This is one of my all-time favorite recipes.
Good food evokes fond memories…
During the 1970s my parents fled New York and bought a postcard-perfect farmhouse in Vermont. We had our own pond, a river ran through our garden, our neighbors were farmers and the only shop in the whole village was a tiny country store owned by 4 siblings in their 90s – none of whom had ever married. My dad, who grew up in the Bronx, and my mom, who came from country-club Connecticut, started their own American dream by settling in Shrewsbury, Vermont.
10 years later…….they were divorced.
The fairy tale did not end as they expected. But for the first 8 years of my life I was a true country kid. I played in pastures and had imaginary friends because our closest neighbors lived a mile away. One of my fondest memories were our sheep. My parents were not farmers. They were hippies from the Tri-State area. But my mom did have a vegetable garden and we had sheep. Bert & Ernie, Simon & Garfunkel, Sonny & Cher…….. A true farmer might warn you against naming the animals you plan to slaughter but, like I said, they weren’t farmers……….
By the time I was a pre-teen divorce had waived it’s wand and I was living in the suburbs of Manhattan. There wasn’t a sheep in sight – except on the cashmere sweaters of the PTA moms – but my mom still prepared roast lamb with mint sauce while dancing to Simon and Garfunkel in the kitchen.
Now I live in France. Life is weird…… Just like my parents, love brought me here and, like them, it didn’t work out. But now, even at the age of 42, whenever I think of lamb I think of Shrewsbury, VT,…… Bert & Ernie,… Simon & Garfunkel…. When my girls are 42 and think of lamb what will they remember about growing up in France?… Souris d’agneau in Valbonne village? Feeding sheep on the hills of Gourdon? Sunday roast lamb at Auntie Lou’s (friends who have become family). Or mummy’s lamb shanks which fill the house with smells of rosemary and orange?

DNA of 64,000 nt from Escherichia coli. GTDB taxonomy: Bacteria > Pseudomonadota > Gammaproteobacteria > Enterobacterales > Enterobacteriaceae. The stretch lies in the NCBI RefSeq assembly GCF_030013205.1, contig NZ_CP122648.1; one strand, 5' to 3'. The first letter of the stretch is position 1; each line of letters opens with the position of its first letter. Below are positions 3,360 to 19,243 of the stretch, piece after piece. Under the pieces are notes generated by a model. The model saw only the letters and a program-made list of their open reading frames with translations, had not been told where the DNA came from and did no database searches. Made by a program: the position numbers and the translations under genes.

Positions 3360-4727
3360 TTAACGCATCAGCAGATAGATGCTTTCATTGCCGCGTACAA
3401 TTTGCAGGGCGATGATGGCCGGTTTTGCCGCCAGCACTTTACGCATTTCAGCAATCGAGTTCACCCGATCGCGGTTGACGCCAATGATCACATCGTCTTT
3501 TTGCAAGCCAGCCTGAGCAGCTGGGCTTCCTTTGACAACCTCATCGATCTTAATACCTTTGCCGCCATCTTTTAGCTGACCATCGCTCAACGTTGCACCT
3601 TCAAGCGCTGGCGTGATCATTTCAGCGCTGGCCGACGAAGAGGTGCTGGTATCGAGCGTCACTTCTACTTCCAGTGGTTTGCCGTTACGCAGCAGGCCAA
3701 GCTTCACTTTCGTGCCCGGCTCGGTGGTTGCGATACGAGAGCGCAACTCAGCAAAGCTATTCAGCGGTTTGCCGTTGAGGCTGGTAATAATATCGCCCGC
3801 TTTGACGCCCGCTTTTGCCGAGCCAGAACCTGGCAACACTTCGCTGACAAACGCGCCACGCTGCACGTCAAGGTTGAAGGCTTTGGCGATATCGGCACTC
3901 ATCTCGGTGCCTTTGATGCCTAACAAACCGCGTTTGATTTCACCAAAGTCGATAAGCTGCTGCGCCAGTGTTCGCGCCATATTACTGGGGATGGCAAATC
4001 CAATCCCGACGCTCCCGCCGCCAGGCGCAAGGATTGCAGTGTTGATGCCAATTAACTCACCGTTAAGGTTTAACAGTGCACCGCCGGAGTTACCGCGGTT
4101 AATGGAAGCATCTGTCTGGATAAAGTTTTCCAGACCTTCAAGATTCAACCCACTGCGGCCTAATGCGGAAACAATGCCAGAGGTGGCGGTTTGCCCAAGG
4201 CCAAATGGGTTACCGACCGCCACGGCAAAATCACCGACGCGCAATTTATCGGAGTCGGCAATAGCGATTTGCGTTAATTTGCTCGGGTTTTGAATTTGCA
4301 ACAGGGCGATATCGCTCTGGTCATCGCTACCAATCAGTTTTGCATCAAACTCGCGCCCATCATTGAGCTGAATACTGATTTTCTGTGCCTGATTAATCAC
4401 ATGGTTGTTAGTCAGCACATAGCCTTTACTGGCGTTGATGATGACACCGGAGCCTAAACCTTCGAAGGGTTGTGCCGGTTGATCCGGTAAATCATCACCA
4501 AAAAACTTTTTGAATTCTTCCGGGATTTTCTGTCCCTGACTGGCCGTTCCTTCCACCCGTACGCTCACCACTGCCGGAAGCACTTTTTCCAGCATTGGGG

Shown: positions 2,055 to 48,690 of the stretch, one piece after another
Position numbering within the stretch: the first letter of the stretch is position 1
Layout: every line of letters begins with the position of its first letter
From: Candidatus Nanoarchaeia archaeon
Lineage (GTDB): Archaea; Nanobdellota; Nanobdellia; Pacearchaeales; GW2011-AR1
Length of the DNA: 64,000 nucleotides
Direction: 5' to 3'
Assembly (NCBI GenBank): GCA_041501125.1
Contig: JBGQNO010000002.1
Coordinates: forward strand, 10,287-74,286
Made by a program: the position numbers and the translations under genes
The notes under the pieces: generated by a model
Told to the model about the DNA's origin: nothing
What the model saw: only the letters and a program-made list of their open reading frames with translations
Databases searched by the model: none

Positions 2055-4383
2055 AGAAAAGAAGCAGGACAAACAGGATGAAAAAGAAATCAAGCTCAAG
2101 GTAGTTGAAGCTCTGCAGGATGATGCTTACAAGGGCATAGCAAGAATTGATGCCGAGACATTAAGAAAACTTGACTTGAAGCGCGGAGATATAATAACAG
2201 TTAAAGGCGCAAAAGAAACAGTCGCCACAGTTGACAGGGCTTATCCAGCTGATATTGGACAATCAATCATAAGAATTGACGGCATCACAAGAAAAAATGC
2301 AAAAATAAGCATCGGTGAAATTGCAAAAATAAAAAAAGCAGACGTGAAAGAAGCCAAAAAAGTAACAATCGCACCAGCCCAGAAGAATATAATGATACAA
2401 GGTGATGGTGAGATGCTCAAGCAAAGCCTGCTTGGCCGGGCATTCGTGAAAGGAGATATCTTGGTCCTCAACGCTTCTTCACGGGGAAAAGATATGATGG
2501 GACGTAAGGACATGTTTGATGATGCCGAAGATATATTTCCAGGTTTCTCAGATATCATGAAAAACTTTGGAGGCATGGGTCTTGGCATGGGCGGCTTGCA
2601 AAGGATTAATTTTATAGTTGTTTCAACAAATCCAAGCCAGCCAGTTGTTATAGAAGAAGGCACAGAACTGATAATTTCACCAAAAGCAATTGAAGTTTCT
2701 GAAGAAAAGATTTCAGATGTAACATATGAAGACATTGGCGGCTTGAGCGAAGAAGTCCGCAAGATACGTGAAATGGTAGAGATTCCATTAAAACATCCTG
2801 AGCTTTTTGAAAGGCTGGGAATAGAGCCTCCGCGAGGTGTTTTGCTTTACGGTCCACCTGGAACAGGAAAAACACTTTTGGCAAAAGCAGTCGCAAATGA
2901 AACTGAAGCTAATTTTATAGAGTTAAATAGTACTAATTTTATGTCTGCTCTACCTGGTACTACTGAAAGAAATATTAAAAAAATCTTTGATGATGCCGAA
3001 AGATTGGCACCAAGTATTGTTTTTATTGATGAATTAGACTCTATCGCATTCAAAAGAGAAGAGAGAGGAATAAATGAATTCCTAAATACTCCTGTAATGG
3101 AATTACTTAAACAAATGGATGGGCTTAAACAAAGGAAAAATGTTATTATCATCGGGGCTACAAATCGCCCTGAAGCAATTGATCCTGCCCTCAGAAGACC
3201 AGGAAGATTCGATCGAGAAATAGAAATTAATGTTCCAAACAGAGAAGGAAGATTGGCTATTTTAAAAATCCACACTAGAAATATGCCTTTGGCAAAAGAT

I don’t know what their memories of lamb will be but I do know that I am trying to fill their memory banks with many options. If there is one universal truth it is that we can never predict what life will bring. But another is that our relationship with good food starts early….. and if we water the grass for our children it will grow……
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- olive oil
- ½ onion, minced
- 1 garlic clove, minced
- 1 can of diced tomatoes (14 oz/400g)
- ¼ teaspoon dried basil
- ¼ teaspoon dried oregano
- 1 small bay leaf
- 4 large lamb shanks
- salt and pepper
- olive oil
- 2 red onions, diced
- 12 cloves of garlic
- 1 orange, cut in to 8 wedges
- 2 Tablespoons chopped fresh rosemary
- ½ cup good quality olives
- 1 cup/240 ml of dry white wine
- 1 cup chicken stock
- zest of 1 large orange
- To make marinara sauce:
- Sauté minced onion and garlic in a glug of olive oil over medium-high heat.
- Add tomatoes, ¼ teaspoon dried basil, ¼ teaspoon dried oregano and a bay leaf.
- Simmer over very low heat for 15-20 minutes.
- For Lamb:
- Preheat oven to 375F/180C
- Season shanks generously with salt and pepper.
- Heat olive oil in a large casserole dish with lid over medium-high heat.
- Add shanks and sear on all sides, lowering heat to medium if need be, until shanks are nice and brown on all sides. Remove from heat and set aside.
- Lower heat to medium-low and add red onions, garlic cloves, and orange wedges and cook until garlic is softened, about 8 minutes.
- Add rosemary, olives, wine, chicken stock and marinara sauce and bring to a boil.
- Add the lamb shanks back to the pot and bring again to a boil.
- Cover the pot tightly with a lid and place in preheated oven and cook for 1-1½ hours until the lamb is fork tender.
- Serve with risotto or polenta (recipe to come)